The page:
A coroner’s jury has made 10 recommendations to try to prevent deaths similar to Lexi Daken’s.
The 16-year-old Fredericton-area girl died by suicide within days of days of being turned away from the Dr. Everett Chalmers Hospital in February 2021.
Testimony at the inquest into Daken’s death wrapped up Wednesday morning, and the jury of three women and two men began deliberations before noon.
By 3 p.m., they returned with their recommendations.
They began by endorsing 12 recommendations made by the Horizon Health Network in March 2021 after an internal review of Lexi’s death, then added 10 of their own.
Much of the focus is on better public education about mental health resources, including making the information more readily available to the public, using brochures to help with communication.
On Wednesday afternoon, Lexi’s father, Chris Daken, said he’s relieved the process is over and hopes that Horizon Health continues to make improvements to how mental health care is delivered.
He said his goal all along has been to ensure that no other family experiences what his has.
“It’s never really over. I still lost a child but I’m happy this process is done and some recommendations have been made and hopefully more changes can be made and we don’t have to be going through this in another two or three years for another child.”
Lexi Daken was a Grade 10 student at Leo Hayes High School in Fredericton. She was a gifted athlete and a high achiever academically.
But once COVID hit, without sports, social activities and only going to school every other day, Lexi’s mental health began to falter, her father, Chris Daken, testified on Tuesday.
He said he didn’t realize how much she struggled until she tried to take her own life in November 2020.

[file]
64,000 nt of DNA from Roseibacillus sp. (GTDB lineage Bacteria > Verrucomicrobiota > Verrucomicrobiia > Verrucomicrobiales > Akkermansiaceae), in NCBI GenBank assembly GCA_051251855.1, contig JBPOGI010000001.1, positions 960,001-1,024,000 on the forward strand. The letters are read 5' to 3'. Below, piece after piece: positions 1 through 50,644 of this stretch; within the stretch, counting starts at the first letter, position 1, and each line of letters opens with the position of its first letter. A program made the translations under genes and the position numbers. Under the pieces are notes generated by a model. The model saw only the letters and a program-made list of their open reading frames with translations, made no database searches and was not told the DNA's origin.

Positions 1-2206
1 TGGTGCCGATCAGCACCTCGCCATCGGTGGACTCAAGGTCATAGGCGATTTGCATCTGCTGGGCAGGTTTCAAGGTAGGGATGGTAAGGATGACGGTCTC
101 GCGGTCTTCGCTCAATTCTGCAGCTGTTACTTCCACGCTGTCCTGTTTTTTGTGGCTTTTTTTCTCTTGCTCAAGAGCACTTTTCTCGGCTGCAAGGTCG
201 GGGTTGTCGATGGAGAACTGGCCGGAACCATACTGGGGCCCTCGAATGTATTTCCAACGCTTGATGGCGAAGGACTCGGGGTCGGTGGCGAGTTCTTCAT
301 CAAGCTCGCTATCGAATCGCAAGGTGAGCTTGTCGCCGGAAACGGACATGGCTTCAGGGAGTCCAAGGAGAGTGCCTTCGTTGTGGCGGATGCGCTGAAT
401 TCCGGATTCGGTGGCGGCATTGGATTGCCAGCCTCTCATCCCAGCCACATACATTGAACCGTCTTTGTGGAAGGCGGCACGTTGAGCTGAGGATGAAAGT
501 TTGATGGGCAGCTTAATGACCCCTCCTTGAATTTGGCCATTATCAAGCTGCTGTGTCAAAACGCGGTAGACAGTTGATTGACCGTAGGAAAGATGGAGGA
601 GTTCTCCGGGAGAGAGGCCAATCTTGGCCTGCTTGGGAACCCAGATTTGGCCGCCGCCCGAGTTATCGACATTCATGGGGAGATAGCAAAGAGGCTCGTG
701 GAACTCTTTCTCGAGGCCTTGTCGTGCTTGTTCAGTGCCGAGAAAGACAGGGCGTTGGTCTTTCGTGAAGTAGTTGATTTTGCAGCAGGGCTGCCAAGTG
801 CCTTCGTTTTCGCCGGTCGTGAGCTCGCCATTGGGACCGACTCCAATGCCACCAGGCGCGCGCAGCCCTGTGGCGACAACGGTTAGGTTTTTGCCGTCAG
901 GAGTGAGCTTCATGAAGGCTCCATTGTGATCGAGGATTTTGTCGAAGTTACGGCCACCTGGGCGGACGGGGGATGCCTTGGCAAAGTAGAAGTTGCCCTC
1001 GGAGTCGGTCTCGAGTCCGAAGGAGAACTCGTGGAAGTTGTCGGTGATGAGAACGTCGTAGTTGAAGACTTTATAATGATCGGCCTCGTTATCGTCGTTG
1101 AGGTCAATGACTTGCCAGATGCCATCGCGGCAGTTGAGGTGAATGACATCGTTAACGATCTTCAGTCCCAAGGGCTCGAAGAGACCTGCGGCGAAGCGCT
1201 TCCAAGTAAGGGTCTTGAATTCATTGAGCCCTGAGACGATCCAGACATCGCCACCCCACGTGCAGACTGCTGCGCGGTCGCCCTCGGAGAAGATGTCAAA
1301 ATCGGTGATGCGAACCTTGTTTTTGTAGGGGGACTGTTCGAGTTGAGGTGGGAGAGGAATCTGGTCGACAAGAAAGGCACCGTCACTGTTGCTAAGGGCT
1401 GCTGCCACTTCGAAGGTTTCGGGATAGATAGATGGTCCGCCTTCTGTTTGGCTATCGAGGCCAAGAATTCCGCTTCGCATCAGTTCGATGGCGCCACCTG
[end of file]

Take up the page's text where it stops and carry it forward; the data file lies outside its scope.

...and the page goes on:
Turned away at emergency department
On Feb. 18, 2021, a guidance counsellor at her school noticed a deterioration in Lexi’s mental health and took her to the emergency department of the Dr. Everett Chalmers Hospital at lunchtime. She wasn’t seen by an emergency room doctor until about 7:20 p.m.
After talking with the doctor and waiting for the results of blood tests, the doctor returned around 9 p.m. and asked if Lexi would “contract” with her — to make a promise not to hurt herself — and be safe at home.
Lexi’s guidance counsellor, Shelley Hansen, testified the doctor said, “Lexi, if you don’t contract with me, I’ll be forced to call in a psychiatrist.”
Hansen said she was “shocked” at the use of the word “force.” She said she saw something change in Lexi’s face when she heard it.
Hansen said she told the doctor she believed Lexi really needed to see a psychiatrist. She said she wasn’t comfortable with Lexi going home that night, and they even talked in the car as they sat in the parking lot about returning to the emergency room and asking to page the psychiatrist.
But they didn’t. Lexi went home that night and died by suicide on Feb. 24.
Lexi’s death sparked public outcry and was the catalyst for a review of mental health services. That review included a report released in September 2021 by New Brunswick’s child and youth advocate, who concluded her death could have been prevented.
16 witnesses over 3 days
The last of 16 witnesses at this week’s inquest in Fredericton was Rachel Boehm, Horizon Health Network’s executive regional director of addictions and mental health.
Boehm led the inquest through a list of 12 recommendations that were made in March 2021 after an internal review of the circumstances surrounding Lexi’s death.
She said the process involves a meeting of all of the people who were involved and the goal is to come up with system improvements that could prevent similar incidents in future.